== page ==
With dramatic events continuing to unfold in Europe, Russia and major markets, today one of the greats in the business sent King World News a fantastic piece that covers everything from the revolt in the gold and silver markets to violent swings in key markets across the globe.
By Bill Fleckenstein President Of Fleckenstein Capital
February 8 (King World News) – Friday's employment data was better than expected, as the BLS would have us believe that 257,000 jobs were created (expectations were for 238,000), and the revisions were also higher. In other words, the employment data could hardly look better, according to the government, which of course does not jibe with the layoffs that have been announced, both in the oil patch and elsewhere. It is almost impossible to believe that a sector of the economy could be strong enough to make up for energy related layoffs.
Just What the Doctoring Ordered
Whether or not the data is bogus, people chose to regard it as exactly what the stock market needed, as the indices were modestly higher through midday, despite a beating in the bond market (more about that below). However, the market rally ran out of steam in the afternoon and the indices ended the day with a modest loss of about 0.5%. Thus, the game of chicken that the stock market has been playing against the Fed — and winning (for now) — continues. (For what it's worth, I decided to take a shot and shorted some Intel into today's ramp job.)
Away from stocks, green paper spiked higher on the nonfarm payroll data, oil added 3%, while both bonds and the metals were hammered. In terms of the 10-year, rates jumped about 15 basis points, which is not a huge deal except in terms of the absolute rate, which closed just a little below 2%, while it was only a week ago that it was yielding about 1.63%. Having said that, rates aren't higher yet for the year, so this move may just be noise, though as I keep saying it is worth keeping our eye on it.
Don't Underthink It
Turning to the news, I recently noted the fact that one of my pet peeves is the mainstream media's claim that a move of 20% indicates a bull or bear market, as though it were just that simple. In fact, bull and bear markets are about psychology, news items, and the reaction to those news items, and identifying them is far more complex than that simple-minded rule. The reason this matters is because you will behave differently in a bull market than in a bear market, and different tactics are required.
On that subject, yesterday a Bloomberg headline (for whatever reason, that organization is particularly skilled at putting together nonsensical headlines) stated, "Brent Crude Enters Bull Market: Still Down 50% From 2014." Then today's Financial Times carried a Short View column by James Mackintosh that expounded on this silly notion: "It may be hard to believe, but oil is back in a bull market," with the author going on to note that since oil has rallied 21% from its closing low and 27% from its intraday low, it must be a bull market.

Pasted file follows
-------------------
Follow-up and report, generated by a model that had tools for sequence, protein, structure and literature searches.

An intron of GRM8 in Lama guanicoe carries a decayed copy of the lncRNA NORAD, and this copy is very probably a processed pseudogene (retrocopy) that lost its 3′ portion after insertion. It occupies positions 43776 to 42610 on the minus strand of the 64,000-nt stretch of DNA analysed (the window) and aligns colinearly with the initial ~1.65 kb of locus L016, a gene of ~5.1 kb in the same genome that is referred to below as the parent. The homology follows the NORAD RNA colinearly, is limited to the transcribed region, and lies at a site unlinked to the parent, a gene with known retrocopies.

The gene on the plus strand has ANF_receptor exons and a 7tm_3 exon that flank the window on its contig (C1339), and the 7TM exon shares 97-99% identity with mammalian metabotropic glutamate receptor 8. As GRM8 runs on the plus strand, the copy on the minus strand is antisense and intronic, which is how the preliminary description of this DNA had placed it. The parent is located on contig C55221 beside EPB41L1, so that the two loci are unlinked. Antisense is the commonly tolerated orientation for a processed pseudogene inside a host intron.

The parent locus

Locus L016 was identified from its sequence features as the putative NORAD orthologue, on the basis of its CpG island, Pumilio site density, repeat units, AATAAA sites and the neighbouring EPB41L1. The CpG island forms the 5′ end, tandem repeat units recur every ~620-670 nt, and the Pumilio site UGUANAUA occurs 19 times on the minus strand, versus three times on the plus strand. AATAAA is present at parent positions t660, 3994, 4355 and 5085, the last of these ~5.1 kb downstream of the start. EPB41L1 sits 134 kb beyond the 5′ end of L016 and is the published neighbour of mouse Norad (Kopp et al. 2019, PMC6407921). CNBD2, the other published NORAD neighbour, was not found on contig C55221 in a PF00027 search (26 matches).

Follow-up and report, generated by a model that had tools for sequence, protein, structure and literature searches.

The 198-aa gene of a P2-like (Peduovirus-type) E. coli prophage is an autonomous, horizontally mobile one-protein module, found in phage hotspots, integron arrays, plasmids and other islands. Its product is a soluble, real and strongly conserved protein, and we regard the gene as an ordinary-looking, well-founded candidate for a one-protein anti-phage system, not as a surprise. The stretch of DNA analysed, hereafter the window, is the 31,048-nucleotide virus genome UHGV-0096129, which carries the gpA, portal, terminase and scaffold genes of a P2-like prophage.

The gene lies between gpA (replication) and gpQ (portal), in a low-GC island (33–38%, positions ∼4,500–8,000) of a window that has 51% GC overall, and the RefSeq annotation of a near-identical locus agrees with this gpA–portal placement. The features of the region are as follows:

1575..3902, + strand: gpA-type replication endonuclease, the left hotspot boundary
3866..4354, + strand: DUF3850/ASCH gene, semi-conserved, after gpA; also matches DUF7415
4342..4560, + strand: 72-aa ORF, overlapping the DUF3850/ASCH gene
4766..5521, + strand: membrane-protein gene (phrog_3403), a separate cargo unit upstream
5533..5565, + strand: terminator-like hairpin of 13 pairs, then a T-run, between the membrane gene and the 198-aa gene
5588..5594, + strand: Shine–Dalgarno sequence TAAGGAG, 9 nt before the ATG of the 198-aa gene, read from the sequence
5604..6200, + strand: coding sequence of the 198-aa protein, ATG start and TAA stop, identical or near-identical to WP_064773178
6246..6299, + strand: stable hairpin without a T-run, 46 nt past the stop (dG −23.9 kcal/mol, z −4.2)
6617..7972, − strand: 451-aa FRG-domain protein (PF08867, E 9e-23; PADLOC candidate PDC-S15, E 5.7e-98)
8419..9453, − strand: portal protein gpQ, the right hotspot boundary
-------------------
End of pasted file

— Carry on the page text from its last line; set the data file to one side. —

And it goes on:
Simple, Understandable, and Quite Possibly Wrong
I would just caution people never to take stories like this seriously. Oil could be in a protracted bear market, though it may not make meaningful lows much below what we've already seen. But to believe that one can now be long oil simply for the sole reason that the market has traded 20% higher from its lows would be a good way to lose a great deal of money.
I'm not saying there aren't good reasons to think that oil has stopped its decline and is ready to enter a bull market. That could be true. I don't happen to believe it, but it is possible. My point is there is no way enough time has gone by for you to accurately make that statement, especially considering all the adjustments that have been made and are going to be made in the oil patch over the course of the next group of months.
Not that this is a big deal, but since I recently made the point, I couldn't resist discussing these timely assertions that a 20% move higher is a bull market.
Precious Metals Meltdown
As noted, the metals were smacked, with gold losing 2.5% to silver's 4%. I didn't think the data was all that alarming, but apparently there must have been a lot of hot money waiting to sell if gold broke through the 200-day moving average. I don't know if that is what precipitated the selloff, but gold was drubbed and the miners were similarly punished, doing far worse today given the fact that they have held up so well to this point (at least in the case of the better-positioned companies). *** You can subscribe to Bill Fleckenstein's fascinating daily thoughts By CLICKING HERE.
***ALSO JUST RELEASED: Billionaire Eric Sprott – Gold And Silver Smash & The Greatest Danger In World Markets Today CLICK HERE.
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